10 Critical Steps for Starting a Business and Protecting What You Build
6 min. Read
Last Updated: 08/01/2016
Table of Contents
Starting a business is an exciting endeavor. Launching new products, building a brand, and serving customers all bring tremendous rewards. Yet the back-end administration, legal, and financial responsibilities of running a business are significant. From registering with the government to protecting yourself and your employees with the right insurance packages, business owners have to take several important steps. Here are ten critical actions for starting a business and protecting what you build.
Choose your Business Registration Format
One of the first steps to starting a business is deciding what form your business should take. Typically, launching a new business requires establishing a formal corporation that's registered with the state. Options range from sole proprietors and partnerships, to LLCs, to corporations and have different implications for taxes, legal protections, and ownership structures. Consult an expert to determine what's right for your individual business situation and long-term business goals.
Determine if you Need a Business License
Depending on what type of business you're operating, you may be required to have a state, federal, and/or local business license. In certain areas, something as straightforward as writing or doing graphic design from a home office requires a license. Determine what your obligations for a business license are and file for the appropriate ones.
File For an Employer Identification Number
An employer identification number (EIN) is a number that's provided by the Internal Revenue Service (IRS). 1099s and other payments that are issued to your business will be tied back to this number. You'll need your EIN when you pay quarterly taxes, provide signed W9s to clients, and file your annual tax returns.
Consult an Attorney
There are numerous steps associated with starting a business that require legal expertise, from determining the right format for your business to accurately categorizing your workers. Having expert legal advice on your team is a smart step to take when you're forming a business. Even if you can't afford to keep a lawyer on retainer, pay for an initial consultation and keep their information handy for when and if you need advice or representation.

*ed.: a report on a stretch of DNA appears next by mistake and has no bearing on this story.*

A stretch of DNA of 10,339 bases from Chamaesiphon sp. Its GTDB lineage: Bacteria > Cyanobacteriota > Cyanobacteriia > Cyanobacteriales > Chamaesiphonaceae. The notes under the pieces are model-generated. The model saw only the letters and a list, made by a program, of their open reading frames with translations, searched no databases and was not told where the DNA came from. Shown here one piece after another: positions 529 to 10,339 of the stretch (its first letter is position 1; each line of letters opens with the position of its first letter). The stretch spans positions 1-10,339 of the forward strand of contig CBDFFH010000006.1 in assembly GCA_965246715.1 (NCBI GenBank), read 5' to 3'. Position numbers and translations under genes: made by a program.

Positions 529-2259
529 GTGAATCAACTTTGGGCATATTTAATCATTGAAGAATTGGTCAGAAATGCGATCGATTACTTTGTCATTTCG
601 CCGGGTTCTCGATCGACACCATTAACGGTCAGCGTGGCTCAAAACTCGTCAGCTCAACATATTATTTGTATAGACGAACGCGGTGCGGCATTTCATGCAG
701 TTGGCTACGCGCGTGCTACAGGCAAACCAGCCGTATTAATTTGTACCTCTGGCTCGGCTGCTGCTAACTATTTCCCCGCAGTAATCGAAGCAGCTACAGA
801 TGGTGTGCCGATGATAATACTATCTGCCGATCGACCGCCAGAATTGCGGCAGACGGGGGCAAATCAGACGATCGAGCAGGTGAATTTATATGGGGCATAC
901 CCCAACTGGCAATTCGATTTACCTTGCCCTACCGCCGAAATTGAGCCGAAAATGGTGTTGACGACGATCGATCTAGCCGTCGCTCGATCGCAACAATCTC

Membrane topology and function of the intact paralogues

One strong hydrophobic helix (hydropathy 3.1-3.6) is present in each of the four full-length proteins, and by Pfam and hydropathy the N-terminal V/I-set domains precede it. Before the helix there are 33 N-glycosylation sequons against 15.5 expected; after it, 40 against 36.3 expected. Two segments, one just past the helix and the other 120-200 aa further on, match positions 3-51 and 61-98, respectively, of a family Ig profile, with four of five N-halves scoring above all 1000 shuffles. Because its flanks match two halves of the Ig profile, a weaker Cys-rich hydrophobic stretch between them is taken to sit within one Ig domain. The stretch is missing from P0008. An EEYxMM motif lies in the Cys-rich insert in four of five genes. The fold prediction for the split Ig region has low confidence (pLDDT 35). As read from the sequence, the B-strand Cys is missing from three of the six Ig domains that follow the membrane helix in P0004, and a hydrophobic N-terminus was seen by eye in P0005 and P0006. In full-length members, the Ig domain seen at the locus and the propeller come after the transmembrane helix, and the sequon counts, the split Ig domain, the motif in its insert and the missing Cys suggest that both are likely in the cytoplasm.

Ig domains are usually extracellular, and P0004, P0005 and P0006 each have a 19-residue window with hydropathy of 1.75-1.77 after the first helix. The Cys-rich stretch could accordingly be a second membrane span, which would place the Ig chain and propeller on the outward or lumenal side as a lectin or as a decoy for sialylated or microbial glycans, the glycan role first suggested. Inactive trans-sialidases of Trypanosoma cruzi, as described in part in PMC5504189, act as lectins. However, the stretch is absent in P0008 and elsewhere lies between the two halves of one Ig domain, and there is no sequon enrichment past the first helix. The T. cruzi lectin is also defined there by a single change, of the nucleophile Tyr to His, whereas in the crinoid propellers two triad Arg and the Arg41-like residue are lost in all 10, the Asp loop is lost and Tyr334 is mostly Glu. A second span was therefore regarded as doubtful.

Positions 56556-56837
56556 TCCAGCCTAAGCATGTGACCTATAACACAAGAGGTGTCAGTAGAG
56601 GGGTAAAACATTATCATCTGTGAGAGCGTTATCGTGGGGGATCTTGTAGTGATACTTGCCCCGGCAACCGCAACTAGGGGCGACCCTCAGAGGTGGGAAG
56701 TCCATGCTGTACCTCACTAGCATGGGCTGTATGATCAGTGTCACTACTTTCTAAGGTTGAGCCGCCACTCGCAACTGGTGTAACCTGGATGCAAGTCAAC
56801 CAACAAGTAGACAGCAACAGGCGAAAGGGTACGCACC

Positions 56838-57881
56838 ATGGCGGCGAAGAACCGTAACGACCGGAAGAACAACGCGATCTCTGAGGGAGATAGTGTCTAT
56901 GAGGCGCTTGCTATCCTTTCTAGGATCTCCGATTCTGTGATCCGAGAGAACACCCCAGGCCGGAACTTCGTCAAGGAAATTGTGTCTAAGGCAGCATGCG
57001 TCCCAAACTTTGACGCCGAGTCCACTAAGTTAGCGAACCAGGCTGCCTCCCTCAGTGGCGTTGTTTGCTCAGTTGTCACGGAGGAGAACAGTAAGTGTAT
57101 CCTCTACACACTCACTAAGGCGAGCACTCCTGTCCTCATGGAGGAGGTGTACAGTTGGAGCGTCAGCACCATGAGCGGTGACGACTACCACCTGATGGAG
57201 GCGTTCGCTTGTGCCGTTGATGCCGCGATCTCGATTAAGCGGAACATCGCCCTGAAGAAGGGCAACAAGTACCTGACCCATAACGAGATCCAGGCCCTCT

Hire an Accountant
One of the most essential members of your team is your accountant. They can assist with everything from tax planning and filing to ongoing management of your financial books. New businesses can benefit from accountants at two levels: streamlining the day-to-day operations of the business and providing strategic planning and support. Find someone with experience working with growing businesses, and whose work style is a good fit for your needs.
Assess Ownership Insurance Needs
An area that may be unfamiliar to new business owners is insurance. If something goes wrong with your new business, it's possible that you might be sued, and your personal and professional assets could be at risk. There are a range of business owner insurance policies available, from general liability insurance to errors and omissions coverage. Consult your lawyer and an insurance specialist to determine the ideal coverage for your unique situation and to establish what's within your budget.
Seek Advice on Classifying Workers
Companies with employees have important obligations. Whether you'll have full-time staff, part-time workers, or contractors, there are numerous steps that you'll need to take. Workers can add complexity by requiring you to have insurance, withhold taxes, and other important steps. And misclassifying employees as independent contractors may result in fines and penalties. Determine what you'll need to accomplish at your business and get advice on how best to streamline the process.
Carry Necessary Workers' Insurance
States determine whether companies in their jurisdiction require workers' compensation insurance. Businesses that have more than twenty employees may also be impacted by the federal Affordable Health Care Act. Find out your obligations under the law and work out a plan for insurance coverage.
Protect your Data and Security
What plans do you have in place for data and security protection? From your company's financial information to your clients' or customers' privileged data, it's important to have security protocols in place. These range from employee policies on handling data to the right technology tools to secure your network against hackers.
Plan For your Long-Term HR and Payroll Needs
Managing the day-to-day financial affairs of your business is essential. Whether you have staff or you're simply paying yourself, it's important to streamline activities such as processing payroll, withholding taxes, and complying with employment regulations. Consider partnering with an experienced HR services provider who can offer guidance on how best to address these needs on an ongoing basis.
Launching your own business is an exciting time. Take the necessary steps to ensure that your business is secure and protected over the long-term. Advanced planning on issues like business structure, insurance, and taxes will pay off dividends over the life of your business.